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B o o k R e v ie w s 2 2 5 Overall, this is not a major contribution to Manfred criticism, but Manfred scholars will certainly want to be aware of it. Becoming Laura Ingalls Wilder: The Woman behind the Legend. By John E. Miller. Colum bia: University of Missouri Press, 1998. 306 pages, $29.95. Reviewed by Diane D. Quantic W ichita State University John E. Miller’s biography of Laura Ingalls Wilder is a welcome addition to the growing body ofWilder scholarship. Wilder’s persistently popular eight-vol­ ume autobiography of her peripatetic childhood on the Great Plains, while intended for children, has become an integral part of the myth of the American West. By carrying Wilder’s story into adulthood in Missouri, Miller presents a comprehensive account of the Ingalls and Wilder families. A biography of Laura Ingalls Wilder presents some unique challenges. First, the “Little House” books are so well known that the reader is likely to anticipate the story the biographer is telling. To augment Wilder’s own story, Miller uses an unpublished autobiographical manuscript, family records, a vari­ ety of social histories of the frontier and local records from the various com­ munities where the family lived. He includes an account of the difficult years after they left Kansas that were omitted from the Little House series, especially the death of Charles and Caroline Wilder’s infant son. The reader will probably be most interested in Miller’s account of Wilder’s adult life in the Ozarks at Rocky Ridge, a farm just outside of Mansfield, Missouri. Here again, Miller draws upon local newspapers and early histories of the region to create a context for the story of Wilder’s multifaceted life as a farm wife, club woman, loan officer, and, finally, author. The biographer’s second challenge comes in describing Wilder’s develop­ ment as a writer. Miller acknowledges the important role Rose Wilder Lane played in the development ofher mother’s writing career. For a number of years, Wilder’s writing consisted of a column in the Missouri Ruralist and occasional stories and essays that appeared in periodicals with national circulation such as McCalls and Country Gentleman. At Rose’s urging, she began work on an auto­ biography that eventually grew into the Little House series. Unfortunately, the most complete sources available to Wilder’s biographer for the years when Wilder was developing her craft are Lane’s journals and the correspondence between mother and daughter. With few other documents to draw on, Miller must tell the story from the daughter’s point of view. By her own account, Rose was often morbidly depressed and just as often caught up in a kind of inarticu­ late power struggle with her mother. Miller is careful to qualify Rose’s accounts of their collaboration and to balance her account with the limited but signifi­ cant evidence of Wilder’s own stubborn authorial sensibilities. His analysis of 2 2 6 WAL 3 5 .1 SUMMER 2 0 0 0 Laura Ingalls Wilder as a gifted and self-confident girl and woman is convinc­ ing. As a result, the reader gains an appreciation of the woman Laura Ingalls Wilder and the serendipitous nature of the events that resulted in Wilder’s writ­ ing life. Miller has a tendency to include information that is not especially rele­ vant to Wilder’s biography. Nevertheless, this volume adds important infor­ mation to our knowledge of Laura Ingalls Wilder and her well-deserved place in western American literature. FIN A L C A LL for Nominations for “ N ot-to-be-M issed C ontem p orary Fiction of the A m erican W e st” Write us to nominate a notable novel published since Jan. 1, 1990. We’d like you to name those books that you think notable enough to rec­ ommend to a friend looking for a good read in fiction of the American West and/or to a colleague looking for just the right contemporary novel to add to a syllabus. Predict what works of fiction from the last decade of the twentieth century will be studied by scholars in the upcoming years. Works...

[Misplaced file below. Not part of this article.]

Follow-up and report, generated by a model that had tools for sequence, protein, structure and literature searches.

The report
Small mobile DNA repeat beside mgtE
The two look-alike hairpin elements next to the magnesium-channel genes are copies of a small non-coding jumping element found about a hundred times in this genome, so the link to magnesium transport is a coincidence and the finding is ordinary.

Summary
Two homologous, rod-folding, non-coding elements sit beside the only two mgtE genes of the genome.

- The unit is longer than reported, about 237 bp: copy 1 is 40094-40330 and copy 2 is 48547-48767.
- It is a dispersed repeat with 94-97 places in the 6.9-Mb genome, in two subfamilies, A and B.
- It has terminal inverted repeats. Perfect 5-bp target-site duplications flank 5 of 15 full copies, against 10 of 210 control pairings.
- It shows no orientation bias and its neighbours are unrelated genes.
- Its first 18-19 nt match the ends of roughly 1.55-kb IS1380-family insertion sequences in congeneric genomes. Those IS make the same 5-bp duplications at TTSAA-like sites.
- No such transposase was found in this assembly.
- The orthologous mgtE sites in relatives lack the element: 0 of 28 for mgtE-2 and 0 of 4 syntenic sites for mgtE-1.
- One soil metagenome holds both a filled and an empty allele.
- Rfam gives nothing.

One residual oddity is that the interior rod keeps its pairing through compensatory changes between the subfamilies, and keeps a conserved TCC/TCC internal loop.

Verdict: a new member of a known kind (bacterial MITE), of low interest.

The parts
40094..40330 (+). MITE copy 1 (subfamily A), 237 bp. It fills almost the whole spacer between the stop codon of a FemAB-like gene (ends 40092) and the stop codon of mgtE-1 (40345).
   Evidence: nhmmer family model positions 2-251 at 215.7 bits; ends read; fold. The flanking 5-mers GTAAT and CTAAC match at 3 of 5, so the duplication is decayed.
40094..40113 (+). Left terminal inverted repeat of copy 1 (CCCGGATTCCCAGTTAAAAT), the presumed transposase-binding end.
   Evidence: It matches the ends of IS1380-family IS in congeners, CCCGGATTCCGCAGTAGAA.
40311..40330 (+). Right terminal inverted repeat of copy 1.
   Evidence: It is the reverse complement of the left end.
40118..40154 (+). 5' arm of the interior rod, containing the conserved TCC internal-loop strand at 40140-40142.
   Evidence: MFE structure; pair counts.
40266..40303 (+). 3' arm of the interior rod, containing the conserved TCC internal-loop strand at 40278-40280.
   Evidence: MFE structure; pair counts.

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pp. 225-226
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